1932

Abstract

Coexisting species may be evolutionarily proximate or distant, resulting in phylogenetically poor or rich communities. This variation is often considered to result from present assembly processes. We argue that, under certain conditions, deep-past processes might control the phylogenetic diversity of communities. First, deep-past effects involve macroevolutionary processes, such as diversification rate, niche conservatism, or dispersal, in the lineages that constitute communities. Second, deep-past processes in the respective region or in the habitat type play a role, for instance, through age, area, stability, or connectivity. Third, the deep past may affect communities via trophic interactions (i.e., communities of enemies or mutualists or communities of hosts). We suggest that deep-past effects can be identified in local communities by measuring phylogenetic diversity in different species pools. We also show how community phylogenetic diversity results in positive or negative eco-evolutionary feedback, and we identify present-day conservation challenges that may profit from a deep-time perspective.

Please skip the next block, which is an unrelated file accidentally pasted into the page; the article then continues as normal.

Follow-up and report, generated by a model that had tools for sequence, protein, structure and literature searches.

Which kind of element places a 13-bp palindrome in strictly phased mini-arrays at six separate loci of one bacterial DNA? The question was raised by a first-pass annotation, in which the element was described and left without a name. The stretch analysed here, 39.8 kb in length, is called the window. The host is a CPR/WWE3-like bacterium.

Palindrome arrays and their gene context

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2018-11-02
2024-06-13
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